By allowing ads to appear on this site, you support the local businesses who, in turn, support great journalism.
Santa helps ensure good behavior
Welcome to motherhood
welcome to motherhood

This “Santa Claus is coming soon, so you better be good” thing is working out great for me so far.
Although this is my daughter’s third Christmas, it’s the first year she’s been able to fully grasp the idea that she’ll soon be receiving a mountain of gifts from old Kris Kringle — assuming she behaves herself, of course. And don’t think for a second that I’m not using her newfound comprehension of holiday traditions to my own advantage. Hey, don’t judge —my husband does it, too.
My 2-year-old, Reese, is a typical active toddler. She explores everything out of curiosity, makes messes constantly, doesn’t always clean up after herself, often refuses to do as she is told (even though she knows her defiance is wrong) and makes choices she likely realizes will get her in almost-immediate trouble.
Since she entered the “terrible twos,” I’ve employed a variety of methods to improve her behavior, minimize temper tantrums and convince her to cooperate when asked. Don’t think I let her run around willy-nilly, causing disturbances and ruckuses wherever she goes. Like any average (exhausted and frustrated) toddler parent, I try my hardest to keep my kid under control. It’s just that, well, it’s hard.
Enter St. Nick. He’s better than any parenting website, book, magazine article or even word-of-mouth advice. The psychology behind it is pretty simple, if you can even say there is psychology behind it: Don’t act up and you’ll be rewarded with presents. Just looking my little girl in the eyes and uttering the word “Santa” is enough to stop a meltdown in its tracks.
Sure, it goes against everything we, as parents, are cautioned to avoid. Children should behave well because we taught them to mind their P’s and Q’s through a system of positive reinforcement, gentle reminders, firm discipline and clever tactics — not because we bribed them.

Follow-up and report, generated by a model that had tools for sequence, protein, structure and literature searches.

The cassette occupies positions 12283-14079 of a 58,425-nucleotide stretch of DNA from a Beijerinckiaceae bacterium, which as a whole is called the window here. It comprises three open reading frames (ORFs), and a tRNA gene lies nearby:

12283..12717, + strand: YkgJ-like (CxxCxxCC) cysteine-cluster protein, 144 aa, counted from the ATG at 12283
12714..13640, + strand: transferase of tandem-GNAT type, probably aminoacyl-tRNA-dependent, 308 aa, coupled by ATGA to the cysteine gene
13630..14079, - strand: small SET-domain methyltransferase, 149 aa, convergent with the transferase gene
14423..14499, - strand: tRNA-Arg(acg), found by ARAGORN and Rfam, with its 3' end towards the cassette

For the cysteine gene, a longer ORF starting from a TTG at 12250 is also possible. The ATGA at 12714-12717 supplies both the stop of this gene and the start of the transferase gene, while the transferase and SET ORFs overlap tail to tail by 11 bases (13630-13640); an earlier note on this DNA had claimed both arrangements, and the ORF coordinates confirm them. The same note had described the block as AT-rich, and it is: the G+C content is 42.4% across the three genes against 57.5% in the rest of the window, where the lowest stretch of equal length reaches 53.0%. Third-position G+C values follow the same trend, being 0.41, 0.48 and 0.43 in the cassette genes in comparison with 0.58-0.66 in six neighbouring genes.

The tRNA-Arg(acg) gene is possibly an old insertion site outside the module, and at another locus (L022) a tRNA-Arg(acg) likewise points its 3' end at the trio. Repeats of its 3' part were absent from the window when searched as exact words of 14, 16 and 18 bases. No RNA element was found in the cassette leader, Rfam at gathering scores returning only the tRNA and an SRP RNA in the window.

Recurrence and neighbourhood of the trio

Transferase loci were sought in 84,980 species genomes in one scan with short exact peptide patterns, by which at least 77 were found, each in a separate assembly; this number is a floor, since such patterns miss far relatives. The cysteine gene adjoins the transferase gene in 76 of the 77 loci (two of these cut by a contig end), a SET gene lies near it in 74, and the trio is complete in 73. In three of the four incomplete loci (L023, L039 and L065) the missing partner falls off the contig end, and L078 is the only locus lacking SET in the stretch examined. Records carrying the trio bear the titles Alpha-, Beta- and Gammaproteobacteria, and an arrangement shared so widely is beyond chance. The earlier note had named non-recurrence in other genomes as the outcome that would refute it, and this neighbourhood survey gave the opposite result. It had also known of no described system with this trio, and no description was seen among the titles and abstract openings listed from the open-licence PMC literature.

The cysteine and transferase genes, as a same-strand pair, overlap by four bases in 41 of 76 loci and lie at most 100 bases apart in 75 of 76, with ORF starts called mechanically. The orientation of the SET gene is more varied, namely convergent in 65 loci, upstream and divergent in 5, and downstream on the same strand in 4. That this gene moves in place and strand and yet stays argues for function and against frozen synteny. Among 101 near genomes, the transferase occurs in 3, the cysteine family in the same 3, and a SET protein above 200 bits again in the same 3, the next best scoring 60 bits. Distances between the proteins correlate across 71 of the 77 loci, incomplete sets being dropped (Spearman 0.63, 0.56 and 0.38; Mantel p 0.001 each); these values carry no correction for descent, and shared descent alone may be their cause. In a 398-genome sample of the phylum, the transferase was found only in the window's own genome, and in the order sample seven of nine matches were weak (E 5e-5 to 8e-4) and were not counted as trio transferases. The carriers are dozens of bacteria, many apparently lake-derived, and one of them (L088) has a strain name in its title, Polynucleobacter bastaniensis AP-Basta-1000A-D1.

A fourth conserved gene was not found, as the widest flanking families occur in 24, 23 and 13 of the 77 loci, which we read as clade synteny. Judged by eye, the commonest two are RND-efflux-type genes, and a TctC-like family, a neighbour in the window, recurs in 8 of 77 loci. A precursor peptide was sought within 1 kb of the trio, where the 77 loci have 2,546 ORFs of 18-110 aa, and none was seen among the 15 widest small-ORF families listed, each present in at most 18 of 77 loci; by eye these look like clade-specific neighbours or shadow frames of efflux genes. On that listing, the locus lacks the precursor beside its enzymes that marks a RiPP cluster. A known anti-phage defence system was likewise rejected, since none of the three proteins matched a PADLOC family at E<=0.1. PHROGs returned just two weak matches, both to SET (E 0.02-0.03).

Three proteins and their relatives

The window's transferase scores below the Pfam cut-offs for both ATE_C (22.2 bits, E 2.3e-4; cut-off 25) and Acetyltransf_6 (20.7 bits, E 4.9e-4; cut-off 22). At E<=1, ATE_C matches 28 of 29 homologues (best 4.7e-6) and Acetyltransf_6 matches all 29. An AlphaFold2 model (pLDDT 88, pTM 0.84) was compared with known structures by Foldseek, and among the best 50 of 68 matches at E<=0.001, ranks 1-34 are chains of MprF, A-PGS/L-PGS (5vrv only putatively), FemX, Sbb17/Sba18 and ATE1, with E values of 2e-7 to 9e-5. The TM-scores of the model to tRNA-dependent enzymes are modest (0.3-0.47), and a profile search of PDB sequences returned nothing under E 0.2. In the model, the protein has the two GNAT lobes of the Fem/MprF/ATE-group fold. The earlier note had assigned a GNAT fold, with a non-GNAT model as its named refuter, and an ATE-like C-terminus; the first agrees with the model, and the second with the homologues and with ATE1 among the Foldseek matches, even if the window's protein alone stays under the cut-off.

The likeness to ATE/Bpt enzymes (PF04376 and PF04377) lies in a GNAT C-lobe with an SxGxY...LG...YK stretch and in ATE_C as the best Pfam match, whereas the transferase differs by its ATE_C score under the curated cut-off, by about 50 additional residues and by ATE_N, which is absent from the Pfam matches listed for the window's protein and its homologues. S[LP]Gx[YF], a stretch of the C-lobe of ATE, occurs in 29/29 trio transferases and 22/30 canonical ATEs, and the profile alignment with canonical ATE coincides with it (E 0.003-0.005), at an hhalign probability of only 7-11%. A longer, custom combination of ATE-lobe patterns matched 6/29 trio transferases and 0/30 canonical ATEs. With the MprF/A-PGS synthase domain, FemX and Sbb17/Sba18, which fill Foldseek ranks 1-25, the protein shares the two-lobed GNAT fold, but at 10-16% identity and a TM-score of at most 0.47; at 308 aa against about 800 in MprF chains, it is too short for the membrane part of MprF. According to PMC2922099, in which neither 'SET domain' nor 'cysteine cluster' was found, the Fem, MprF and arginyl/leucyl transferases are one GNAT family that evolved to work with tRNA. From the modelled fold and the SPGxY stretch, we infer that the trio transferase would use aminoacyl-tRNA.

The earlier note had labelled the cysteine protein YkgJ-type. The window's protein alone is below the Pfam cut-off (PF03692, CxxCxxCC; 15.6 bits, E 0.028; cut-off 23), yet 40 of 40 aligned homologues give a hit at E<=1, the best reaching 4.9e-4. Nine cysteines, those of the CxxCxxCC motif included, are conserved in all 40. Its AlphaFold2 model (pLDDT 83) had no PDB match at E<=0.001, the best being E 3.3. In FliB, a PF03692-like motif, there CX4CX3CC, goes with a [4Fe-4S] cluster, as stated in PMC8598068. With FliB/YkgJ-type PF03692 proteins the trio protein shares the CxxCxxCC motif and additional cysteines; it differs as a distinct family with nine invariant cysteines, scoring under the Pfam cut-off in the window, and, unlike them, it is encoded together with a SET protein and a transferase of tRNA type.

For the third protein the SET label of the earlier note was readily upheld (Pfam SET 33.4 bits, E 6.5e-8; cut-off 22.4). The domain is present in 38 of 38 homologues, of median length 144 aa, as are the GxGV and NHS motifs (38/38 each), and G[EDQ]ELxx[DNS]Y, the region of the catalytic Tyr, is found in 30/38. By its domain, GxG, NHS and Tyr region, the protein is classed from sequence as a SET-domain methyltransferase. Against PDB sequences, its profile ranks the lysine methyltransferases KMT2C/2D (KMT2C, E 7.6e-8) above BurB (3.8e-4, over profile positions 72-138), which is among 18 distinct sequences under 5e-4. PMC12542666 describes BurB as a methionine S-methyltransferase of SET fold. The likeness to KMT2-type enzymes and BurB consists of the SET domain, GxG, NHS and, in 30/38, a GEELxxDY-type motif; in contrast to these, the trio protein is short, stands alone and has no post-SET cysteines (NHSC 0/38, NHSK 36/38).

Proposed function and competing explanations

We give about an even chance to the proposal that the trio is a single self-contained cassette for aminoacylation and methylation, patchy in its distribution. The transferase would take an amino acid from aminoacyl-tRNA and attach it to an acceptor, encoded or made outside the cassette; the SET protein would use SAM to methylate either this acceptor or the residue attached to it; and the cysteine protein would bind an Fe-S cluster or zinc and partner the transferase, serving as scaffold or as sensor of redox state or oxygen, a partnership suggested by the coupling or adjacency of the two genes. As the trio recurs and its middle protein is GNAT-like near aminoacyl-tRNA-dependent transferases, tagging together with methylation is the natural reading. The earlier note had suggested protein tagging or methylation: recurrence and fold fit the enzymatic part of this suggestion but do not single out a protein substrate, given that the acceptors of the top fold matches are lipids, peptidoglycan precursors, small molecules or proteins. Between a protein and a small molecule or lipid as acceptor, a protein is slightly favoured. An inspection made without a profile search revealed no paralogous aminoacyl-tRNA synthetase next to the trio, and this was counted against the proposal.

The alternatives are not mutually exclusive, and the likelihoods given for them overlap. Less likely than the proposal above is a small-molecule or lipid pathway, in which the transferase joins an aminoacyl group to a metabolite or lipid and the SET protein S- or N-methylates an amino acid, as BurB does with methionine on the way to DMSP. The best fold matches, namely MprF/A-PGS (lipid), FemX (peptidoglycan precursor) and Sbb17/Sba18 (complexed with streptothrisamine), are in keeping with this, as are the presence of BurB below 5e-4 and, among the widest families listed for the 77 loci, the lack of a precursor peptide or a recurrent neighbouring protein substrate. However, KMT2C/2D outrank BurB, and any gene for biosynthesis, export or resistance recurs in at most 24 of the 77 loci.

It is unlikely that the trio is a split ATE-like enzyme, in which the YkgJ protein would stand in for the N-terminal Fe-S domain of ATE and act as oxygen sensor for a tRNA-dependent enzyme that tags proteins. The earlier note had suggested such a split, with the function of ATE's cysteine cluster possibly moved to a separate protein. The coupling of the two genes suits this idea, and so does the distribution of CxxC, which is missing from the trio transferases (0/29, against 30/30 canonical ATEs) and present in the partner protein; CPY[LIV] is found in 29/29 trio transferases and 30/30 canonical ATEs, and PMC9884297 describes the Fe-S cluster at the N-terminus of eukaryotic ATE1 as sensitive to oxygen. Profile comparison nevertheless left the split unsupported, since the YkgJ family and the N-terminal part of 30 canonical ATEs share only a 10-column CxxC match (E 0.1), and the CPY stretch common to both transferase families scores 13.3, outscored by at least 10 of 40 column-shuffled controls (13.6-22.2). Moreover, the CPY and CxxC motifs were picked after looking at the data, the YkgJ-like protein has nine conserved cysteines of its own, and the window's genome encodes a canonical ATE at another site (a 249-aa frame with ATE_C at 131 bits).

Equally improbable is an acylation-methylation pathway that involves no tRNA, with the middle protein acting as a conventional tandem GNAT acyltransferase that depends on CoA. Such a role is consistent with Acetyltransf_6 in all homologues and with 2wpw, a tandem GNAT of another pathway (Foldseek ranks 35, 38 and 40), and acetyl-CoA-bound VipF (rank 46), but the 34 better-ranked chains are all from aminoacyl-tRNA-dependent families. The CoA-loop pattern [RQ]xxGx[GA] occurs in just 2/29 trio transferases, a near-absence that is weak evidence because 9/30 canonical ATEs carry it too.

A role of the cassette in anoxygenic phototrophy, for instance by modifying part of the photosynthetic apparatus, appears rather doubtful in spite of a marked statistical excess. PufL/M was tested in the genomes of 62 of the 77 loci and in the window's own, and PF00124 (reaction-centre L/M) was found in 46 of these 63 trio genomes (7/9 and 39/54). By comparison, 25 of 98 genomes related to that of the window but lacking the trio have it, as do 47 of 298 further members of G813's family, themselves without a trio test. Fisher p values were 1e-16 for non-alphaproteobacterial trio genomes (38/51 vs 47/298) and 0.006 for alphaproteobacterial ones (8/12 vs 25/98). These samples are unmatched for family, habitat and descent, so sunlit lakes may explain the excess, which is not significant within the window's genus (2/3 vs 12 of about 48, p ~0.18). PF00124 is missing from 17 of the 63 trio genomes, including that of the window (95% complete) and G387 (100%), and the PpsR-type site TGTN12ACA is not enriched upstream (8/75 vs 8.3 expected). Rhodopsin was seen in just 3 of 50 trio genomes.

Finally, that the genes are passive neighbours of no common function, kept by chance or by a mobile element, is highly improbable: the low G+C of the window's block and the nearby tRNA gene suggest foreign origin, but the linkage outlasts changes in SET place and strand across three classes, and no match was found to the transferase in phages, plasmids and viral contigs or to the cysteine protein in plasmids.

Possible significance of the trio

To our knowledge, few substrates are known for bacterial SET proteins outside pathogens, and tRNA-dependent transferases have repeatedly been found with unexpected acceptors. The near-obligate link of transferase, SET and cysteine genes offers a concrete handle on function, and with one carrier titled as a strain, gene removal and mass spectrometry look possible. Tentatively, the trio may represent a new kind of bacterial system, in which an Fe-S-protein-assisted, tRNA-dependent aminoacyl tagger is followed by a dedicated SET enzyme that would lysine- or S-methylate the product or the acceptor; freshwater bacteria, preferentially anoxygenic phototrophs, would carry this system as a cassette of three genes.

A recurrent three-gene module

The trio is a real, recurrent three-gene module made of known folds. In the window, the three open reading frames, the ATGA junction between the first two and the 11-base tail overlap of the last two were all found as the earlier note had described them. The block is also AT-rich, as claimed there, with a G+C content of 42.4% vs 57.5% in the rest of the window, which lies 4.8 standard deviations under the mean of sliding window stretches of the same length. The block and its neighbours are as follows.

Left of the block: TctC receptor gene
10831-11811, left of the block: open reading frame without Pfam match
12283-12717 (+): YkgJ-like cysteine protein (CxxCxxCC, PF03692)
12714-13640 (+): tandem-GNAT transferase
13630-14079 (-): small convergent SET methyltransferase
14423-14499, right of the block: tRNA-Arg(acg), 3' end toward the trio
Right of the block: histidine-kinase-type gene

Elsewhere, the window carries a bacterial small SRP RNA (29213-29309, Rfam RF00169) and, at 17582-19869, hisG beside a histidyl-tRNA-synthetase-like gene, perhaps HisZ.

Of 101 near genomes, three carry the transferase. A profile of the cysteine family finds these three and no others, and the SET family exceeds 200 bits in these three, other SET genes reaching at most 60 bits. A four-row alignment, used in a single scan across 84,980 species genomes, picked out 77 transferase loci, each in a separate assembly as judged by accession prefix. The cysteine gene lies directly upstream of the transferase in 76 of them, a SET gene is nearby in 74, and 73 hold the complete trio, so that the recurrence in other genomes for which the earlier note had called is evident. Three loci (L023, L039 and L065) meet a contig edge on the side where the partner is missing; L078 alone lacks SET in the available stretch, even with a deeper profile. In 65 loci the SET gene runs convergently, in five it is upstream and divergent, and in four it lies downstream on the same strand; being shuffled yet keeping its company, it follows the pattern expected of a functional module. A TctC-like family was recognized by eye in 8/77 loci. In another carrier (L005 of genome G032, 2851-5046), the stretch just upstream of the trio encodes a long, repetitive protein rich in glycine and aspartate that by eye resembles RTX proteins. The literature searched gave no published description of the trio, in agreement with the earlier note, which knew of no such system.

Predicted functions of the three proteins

Actually, my husband was the first one to play the “Santa is watching you” card. I resisted for awhile for the aforementioned reasons. Besides, I thought, if this becomes a crutch for me, what will I do once Christmas is over and Reese isn’t quite as intimidated knowing that she has 11 months to misbehave before having to really “make it count” next December?
However, nothing changes an indignant parent’s mind faster than a 2-year-old getting dangerously close to temper-tantrum territory in the middle of the grocery store on a busy Saturday afternoon. Honestly, I also was considering throwing a fit as we stood in line at Walmart’s pharmacy for 35 minutes, watching as a single cashier slowly and inefficiently waited on customers, each of whom asked a litany of questions, had insurance issues when it came time to pay or swore they’d called in a prescription refill that the pharmacy staff mysteriously couldn’t find.
Finally, Reese had had enough. It didn’t help that about 30 feet away stood a very prominent display of Disney “Frozen” figurines, toys and games. It was all my daughter could do not to leap out of the cart and make a mad dash over to the fairy-tale-themed haven. She began wailing, kicking and outright demanding to go over and check out the merchandise. I had been promising her we would, as soon as we were done in the pharmacy line.
At that point, I realized that assuring Reese we’d go look at the toys in the very near future simply wasn’t enough. I had to take it a step further.
“Hey,” I told her, “if you don’t stop yelling and acting up, Santa will not bring you any of those ‘Frozen’ toys for Christmas. We can look at them, but you won’t get any to play with because you’re being a naughty girl right now. If you stop crying, though, I bet you’ll get some as gifts.”
Go ahead, cast judgment. I deserve it. It was a lame move on my part. I’m not sorry, though, because it worked. Reese settled down and other shoppers stopped shooting me death glares.
All was quiet, until we got to the pharmacy counter and I was told by the technician that my prescription simply wasn’t ready because Walmart had run out of it. When it became clear to me I’d wasted 40 minutes in line, a tantrum was inevitable. On my part, of course, not Reese’s.

Sign up for our e-newsletters